1) You won’t take care of it as long as the other person is available

The temptation to get through it quickly is simply too high. Pressures are always high, and when faced with the choice of having someone who can do it quickly and someone who needs to first learn and then can do the work, we are always going to choose the faster option.

2) You can actually pull it off when you need to

When it comes down to it, when the person is actually gone, the people you have ARE capable of stepping up and taking over this system. There is no chance that all of the information that person has in their head is being handed over during a 2 week period after they have resigned. What is happening is people are being show the basics they need to get started and figuring it out from there.

You can keep using this strategy if you want to, but it’s not the most effective way of going about it…

Enter Sick Days!

Sick days are a low risk low cost model for starting to address this issue.

The setup is quite simple, you create a rotation amongst team members that are “sick” on different days. When someone is sick they go and sit somewhere else away from their normal work and team members are instructed to do everything in their power to avoid bothering the sick person unless they absolutely have to.

If someone cannot possibly make progress without the help of the sick person then the first step is to “call them at home” and get a consultation, they do not go and speak to the person, they do it over the phone.

If a consultation is not enough then you “can go to their home” for an in person consultation.

If the situation is really dire, then we “force the person to come in” to fix the problem when they are sick.

Finally, we keep track of what course of action we needed to take, for whom, and in relation to what. Below is a simple example of how you can do that:


 

How does this differ from just telling the people to start sharing their knowledge you ask?

Firstly, there is an important mental shift for everyone when the person is not physically located where they usually are, it makes the barrier to asking and getting involved higher and means we will force ourselves to try harder to solve it without their intervention.

The rotation lowers the amount we are slowed down by spreading the effort out over time, we only get slowed on one thing for one day at a time, so the upfront cost is not so much.

We actually know what we should be focusing on. When doing handovers or knowledge sharing we naturally focus on the things we think are important to do, but with this approach we get the actual issues we are going to get if the situation arises.

We start to track the problem! This makes it a lot easier to motivate investing in addressing this issue. It’s a lot easier to convince people of the need if instead of saying “this is high risk” we can say “in a single day we needed to ask Patrik to save us 4 times, if he leaves the company we are totally screwed”.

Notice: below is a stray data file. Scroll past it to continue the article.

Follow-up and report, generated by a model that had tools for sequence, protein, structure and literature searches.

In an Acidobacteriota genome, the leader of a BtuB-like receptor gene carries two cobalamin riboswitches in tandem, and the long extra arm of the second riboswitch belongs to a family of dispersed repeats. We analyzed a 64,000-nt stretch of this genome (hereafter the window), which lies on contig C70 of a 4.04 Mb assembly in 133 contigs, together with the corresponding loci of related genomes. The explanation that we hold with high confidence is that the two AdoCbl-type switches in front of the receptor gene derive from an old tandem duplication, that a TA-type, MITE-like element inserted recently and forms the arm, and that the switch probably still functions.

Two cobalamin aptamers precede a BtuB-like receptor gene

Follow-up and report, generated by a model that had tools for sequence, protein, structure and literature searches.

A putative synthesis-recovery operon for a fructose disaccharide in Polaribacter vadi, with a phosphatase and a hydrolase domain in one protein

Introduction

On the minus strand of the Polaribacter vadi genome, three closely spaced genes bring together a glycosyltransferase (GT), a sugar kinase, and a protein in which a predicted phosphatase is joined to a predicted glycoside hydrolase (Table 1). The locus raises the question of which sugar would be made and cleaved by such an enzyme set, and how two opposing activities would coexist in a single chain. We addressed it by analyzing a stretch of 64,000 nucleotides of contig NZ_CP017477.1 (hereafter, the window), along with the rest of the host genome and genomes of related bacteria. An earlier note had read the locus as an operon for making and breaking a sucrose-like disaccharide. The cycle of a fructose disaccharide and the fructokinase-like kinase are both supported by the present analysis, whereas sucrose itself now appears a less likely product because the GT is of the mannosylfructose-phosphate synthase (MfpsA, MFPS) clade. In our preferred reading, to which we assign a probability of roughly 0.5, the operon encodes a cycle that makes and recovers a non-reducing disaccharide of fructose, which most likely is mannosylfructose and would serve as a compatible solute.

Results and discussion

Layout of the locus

And it does all this without putting us at the risk of not having the actual knowledge when we need it, and allowing us flexibility when we decide that something urgent today is in fact more important than the future.

Conclusion

So there you have it! Some very practical tips to help with some very common problems. None of these tools are going to solve all your problems overnight, but hopefully they have provided some value and provided you a solid starting point.

All the tools I work with are constantly evolving, this is not their final form, and I encourage you to experiment with different versions yourself in the hopes of finding something that fits well in your context.

If you're looking for more inspiration I have a lot more available in my book.

About the author

Jeff Campbell is an Agile Coach who considers the discovery of Agile and Lean to be one of the most defining moments of his life, and considers helping others to improve their working life not to simply be a job, but a social responsibility. As an Agile Coach, he has worked with driving Agile transformations in organisations both small and large. Jeff is also involved in the Agile community outside of the work place being one of the founding members of Gothenburg Sweden’s largest agile community at 700+ members, a community run agile discussion group which he has helped to spread to 3 countries. He also organizes the yearly conference Brewing Agile.

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"Sick Days" seems very pomising. by Piotr Laskowski

"Sick Days" seems very pomising.

What does the sick person do? by Noah Hartl

I may have missed it, but what does the "sick" person do when they are away? I get that you hand-off their work to another person to carry forward, but what is the sick person doing? Thank you

Re: What does the sick person do? by Jeff Campbell

Hey, sorry, didn't see this for a while.

What that person does is up to the team to decide. Generally, we have them work on technical improvements, paying off technical debt, infrastructural changes, tooling or something like that.

But the most important part is that they are not working on "what they are best at", because we need to see when we can't handle that ourselves.